The Last of Robin Hood was a romp which thrilled us because Peter Belsito, my own dear husband, had a moment on screen (as the director of Errol Flynn’s last film Cuban Rebel Girls). He got the part because he had had an equally small role in the original Cuban Rebel Girls when it filmed in Cuba in 1959, four months after the Revolution. He happened to be there on vacation with his family including his 18 year old sister and his crazy aunt because Puerto Rico was full that year and Cuba had plenty of room. Directors Richard Glatzer and Wash Westmoreland invited him to play in their film. The film actually had more meaning than merely a romp as it revealed what lays below the June-September love affair between Errol Flynn and 15 year old Beverly Aadland, the nature of fame (“a religion in this godless country” to quote Flynn himself) and ambition. Kevin Kline, Susan Sarandan and Dakota Fanning were all great in the repertoire piece.

Can a Song Save Your Life? garnered great praise as the film that followed the simple pure Once. I found it a bit flat though it kept my interest enough that I was not contemplating leaving. But it lacked the simplicity of Once.

Fading Gigolo proves that a Woody Allen Film is a Genre. John Turturro makes a Woody Allen middle-aged man fantasy of a wished for love affair with a Hasidic woman. Turturro is always lovable on screen, but his directing has something inauthentic about it…the only authentic thing was the twice-stated thought that somewhere in his heritage he was really Jewish. When I saw his previous film Passione, about Italians and passion, the opening song, being one of the first Cuban songs I ever heard, turned me off because again, it was inauthentic. It was Cuban, not Italian. I think he is not comfortable in his Italian guise.

Other films at TIFF I have seen previously:

Only Lovers Left Alive by Jim Jarmusch (ISA: HanWay, U.S. SPC). If you can see it as a dream of night, then the vampires dreaminess might appeal to you. I personally was ready to fall into my own stupor after watching this 123 minute movie of Vampires who have seen it all. Zzzzzz.

Don Jon is sexy and sweet. Scarlett Johansson is a superb comedienne, equal to Claudette Colbert in this film about two totally media mesmerized young lovers. ___ and his father are also great straight men. I loved this film, so funny and sweet and all about sex. Loved it!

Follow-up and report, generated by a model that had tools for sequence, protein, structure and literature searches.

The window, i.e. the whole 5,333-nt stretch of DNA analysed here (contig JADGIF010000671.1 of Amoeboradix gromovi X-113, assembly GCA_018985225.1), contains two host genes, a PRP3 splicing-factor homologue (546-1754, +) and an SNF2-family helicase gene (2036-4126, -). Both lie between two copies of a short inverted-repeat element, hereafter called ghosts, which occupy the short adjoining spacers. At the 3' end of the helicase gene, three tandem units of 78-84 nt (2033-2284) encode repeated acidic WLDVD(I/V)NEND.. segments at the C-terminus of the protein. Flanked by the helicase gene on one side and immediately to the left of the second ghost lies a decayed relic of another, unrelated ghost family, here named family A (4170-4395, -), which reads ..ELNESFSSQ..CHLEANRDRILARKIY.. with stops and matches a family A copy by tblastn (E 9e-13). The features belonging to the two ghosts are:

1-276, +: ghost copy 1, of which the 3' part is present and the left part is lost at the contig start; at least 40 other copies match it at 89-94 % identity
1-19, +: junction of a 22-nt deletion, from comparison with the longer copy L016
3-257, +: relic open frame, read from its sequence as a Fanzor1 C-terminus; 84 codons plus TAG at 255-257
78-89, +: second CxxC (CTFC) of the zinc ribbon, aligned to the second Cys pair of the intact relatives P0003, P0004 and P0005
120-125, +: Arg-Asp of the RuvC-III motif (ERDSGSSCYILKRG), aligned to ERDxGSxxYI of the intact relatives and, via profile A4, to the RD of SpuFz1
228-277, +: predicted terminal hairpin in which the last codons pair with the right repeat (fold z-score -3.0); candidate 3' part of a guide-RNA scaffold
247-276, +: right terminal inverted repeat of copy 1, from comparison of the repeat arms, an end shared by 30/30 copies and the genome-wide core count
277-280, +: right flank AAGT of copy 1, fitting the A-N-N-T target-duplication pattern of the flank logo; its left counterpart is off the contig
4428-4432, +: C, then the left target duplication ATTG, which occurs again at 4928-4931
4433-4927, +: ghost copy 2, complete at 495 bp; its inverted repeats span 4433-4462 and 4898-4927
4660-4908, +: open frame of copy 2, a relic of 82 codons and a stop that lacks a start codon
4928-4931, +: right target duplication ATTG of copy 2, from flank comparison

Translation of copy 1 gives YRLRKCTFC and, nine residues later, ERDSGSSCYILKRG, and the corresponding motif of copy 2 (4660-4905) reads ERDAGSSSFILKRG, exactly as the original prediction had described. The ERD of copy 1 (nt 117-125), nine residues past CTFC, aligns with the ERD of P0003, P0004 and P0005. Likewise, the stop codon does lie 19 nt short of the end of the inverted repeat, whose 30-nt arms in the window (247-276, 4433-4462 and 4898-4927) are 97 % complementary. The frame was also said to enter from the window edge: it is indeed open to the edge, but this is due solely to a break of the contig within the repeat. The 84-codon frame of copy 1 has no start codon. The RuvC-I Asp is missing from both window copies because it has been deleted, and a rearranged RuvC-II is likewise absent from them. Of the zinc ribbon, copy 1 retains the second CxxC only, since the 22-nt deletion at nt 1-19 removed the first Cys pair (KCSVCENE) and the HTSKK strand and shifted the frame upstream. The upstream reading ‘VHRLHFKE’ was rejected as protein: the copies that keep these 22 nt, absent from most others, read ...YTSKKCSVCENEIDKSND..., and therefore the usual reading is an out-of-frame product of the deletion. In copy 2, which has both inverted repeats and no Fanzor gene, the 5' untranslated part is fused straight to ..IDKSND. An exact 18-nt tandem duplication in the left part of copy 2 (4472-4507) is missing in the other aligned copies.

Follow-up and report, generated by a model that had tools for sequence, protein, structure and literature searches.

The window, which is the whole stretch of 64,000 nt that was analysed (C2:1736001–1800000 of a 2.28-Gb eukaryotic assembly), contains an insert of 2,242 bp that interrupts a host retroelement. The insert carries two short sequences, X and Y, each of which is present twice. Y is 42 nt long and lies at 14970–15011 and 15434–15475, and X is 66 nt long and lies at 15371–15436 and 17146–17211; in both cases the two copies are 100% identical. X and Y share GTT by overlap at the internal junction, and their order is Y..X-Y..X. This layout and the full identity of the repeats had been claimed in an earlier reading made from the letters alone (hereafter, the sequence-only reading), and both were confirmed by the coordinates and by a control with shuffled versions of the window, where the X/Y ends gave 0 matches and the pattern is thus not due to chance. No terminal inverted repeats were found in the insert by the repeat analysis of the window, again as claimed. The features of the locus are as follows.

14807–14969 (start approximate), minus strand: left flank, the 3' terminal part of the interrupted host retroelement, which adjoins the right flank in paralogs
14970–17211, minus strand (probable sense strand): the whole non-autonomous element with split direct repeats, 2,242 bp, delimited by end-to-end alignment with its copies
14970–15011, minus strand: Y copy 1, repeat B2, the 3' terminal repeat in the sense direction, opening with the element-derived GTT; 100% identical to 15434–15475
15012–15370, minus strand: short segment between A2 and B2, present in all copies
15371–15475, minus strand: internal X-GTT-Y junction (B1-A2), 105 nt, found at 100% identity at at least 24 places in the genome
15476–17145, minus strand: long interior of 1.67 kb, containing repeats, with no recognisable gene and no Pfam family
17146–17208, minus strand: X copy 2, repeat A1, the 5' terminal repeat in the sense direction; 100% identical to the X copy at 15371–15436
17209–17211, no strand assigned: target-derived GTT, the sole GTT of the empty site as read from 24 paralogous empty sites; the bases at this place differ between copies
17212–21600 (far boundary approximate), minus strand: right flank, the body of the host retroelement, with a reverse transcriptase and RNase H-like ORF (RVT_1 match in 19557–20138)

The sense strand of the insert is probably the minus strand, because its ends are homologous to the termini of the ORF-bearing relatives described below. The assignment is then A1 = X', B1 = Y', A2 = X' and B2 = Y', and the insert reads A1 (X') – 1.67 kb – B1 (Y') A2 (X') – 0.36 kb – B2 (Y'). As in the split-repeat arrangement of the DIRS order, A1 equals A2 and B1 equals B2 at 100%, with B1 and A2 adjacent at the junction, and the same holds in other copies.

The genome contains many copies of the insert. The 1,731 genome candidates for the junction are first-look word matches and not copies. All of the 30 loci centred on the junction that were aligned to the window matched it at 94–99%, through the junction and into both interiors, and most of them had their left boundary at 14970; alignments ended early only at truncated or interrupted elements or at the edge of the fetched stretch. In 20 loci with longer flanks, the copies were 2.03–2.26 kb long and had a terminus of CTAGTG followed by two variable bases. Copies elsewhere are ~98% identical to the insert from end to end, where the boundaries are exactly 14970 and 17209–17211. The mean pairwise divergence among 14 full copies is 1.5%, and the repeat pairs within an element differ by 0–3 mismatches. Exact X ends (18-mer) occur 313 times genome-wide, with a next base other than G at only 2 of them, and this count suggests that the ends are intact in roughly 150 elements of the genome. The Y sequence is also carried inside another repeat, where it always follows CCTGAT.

Borgman Darkest humor, or is it humor? Creepy and definitely engrossing. Dutch filmmaker Alex van Warmerdam at his best. This is the Netherlands’ Official Academy Awards Submission.

What I hear was good:

Aside from the ones that got snapped up for lots of money and are covered in all the trades already, there are films which I keep hearing about even now and will see:

Supermensch: The Legend of Shep Gordon

12 Years a Slave (ISA: Summit, U.S. Fox Searchlight)

The Lunchbox (ISA: The Match Factory)

Prisoners (ISA: Summit/ Lionsgate, U.S.: Warner Bros)

Dallas Buyers Clubs (ISA: Voltage, U.S. Focus Features)

Life of Crime (ISA: Hyde Park, U.S.: )

A Touch of Sin (ISA: MK2, U.S. Kino Lorber)

Gravity (ISA: Warner Bros. U.S. Warner Bros.)

Enough Said (ISA: Fox Searchlight, U.S. Fox Searchlight)

La Grande Bellezza (The Great Beauty) (ISA: Pathe, U.S. Criterion) Italy’s submission for Academy Award Nomination for Best Foreign Language Film

Violette (ISA: Doc & Film, U.S.: ?)

Omar (ISA: The Match Factory, U.S.: ?)

Le Passe (The Past) (ISA: Memento, U.S. SPC) Iran’s submission for Academy Award Nomination for Best Foreign Language Film.

To the Wolf (ISA: Pascale Ramonda)

The Selfish Giant (ISA: Protagonist, U.S. IFC)

At Berkeley by Frederick Wiseman (ISA: Doc & Film, U.S. Zipporah)

The Unknown Known (ISA: Entertainment One, U.S. Radius-TWC)

Ain’t Misbehavin (Un Voyager) by Marcel Ophuls (ISA: Wide House)

Faith Connections by Pan Nalin (ISA: Cite Films). This Indian French film, produced by Raphael Berduo among others is written about here.

Civil Rights (?)

Mandela: Long Walk to Freedom

12 Years a Slave (ISA: Summit, U.S. Fox Searchlight)

Belle (ISA: Bankside, all rights sold to Fox Searchlight)


Kill Your Darlings: The youthful finding of himself by Alan Ginsburg as he enters Colombia University and meets Lucien Carr, Jack Kerouac and Alan Bourroughs revolves around a murder which actually happened. The period veracity and Daniel Radcliffe’s acting carry the film into a fascinating character study. (U.S. SPC)

Dallas Buyers Club (ISA: Voltage, U.S. Focus Features)

Tom a la ferme / Tom at the Farm by Xavier Dolan ISA: MK2, U.S.:)

L’Armee du salut/ Salvation Army by Abdellah Taia (ISA: – U.S.:-)

Eastern Boys (ISA: Films Distribution)

Pelo Malo/ Bad Hair (FiGa Films)

The Dog (Producer Rep: Submarine)

Ignasi M. (ISA: Latido)

Gerontophilia (ISA: MK2, U.S. Producer Rep: Filmoption)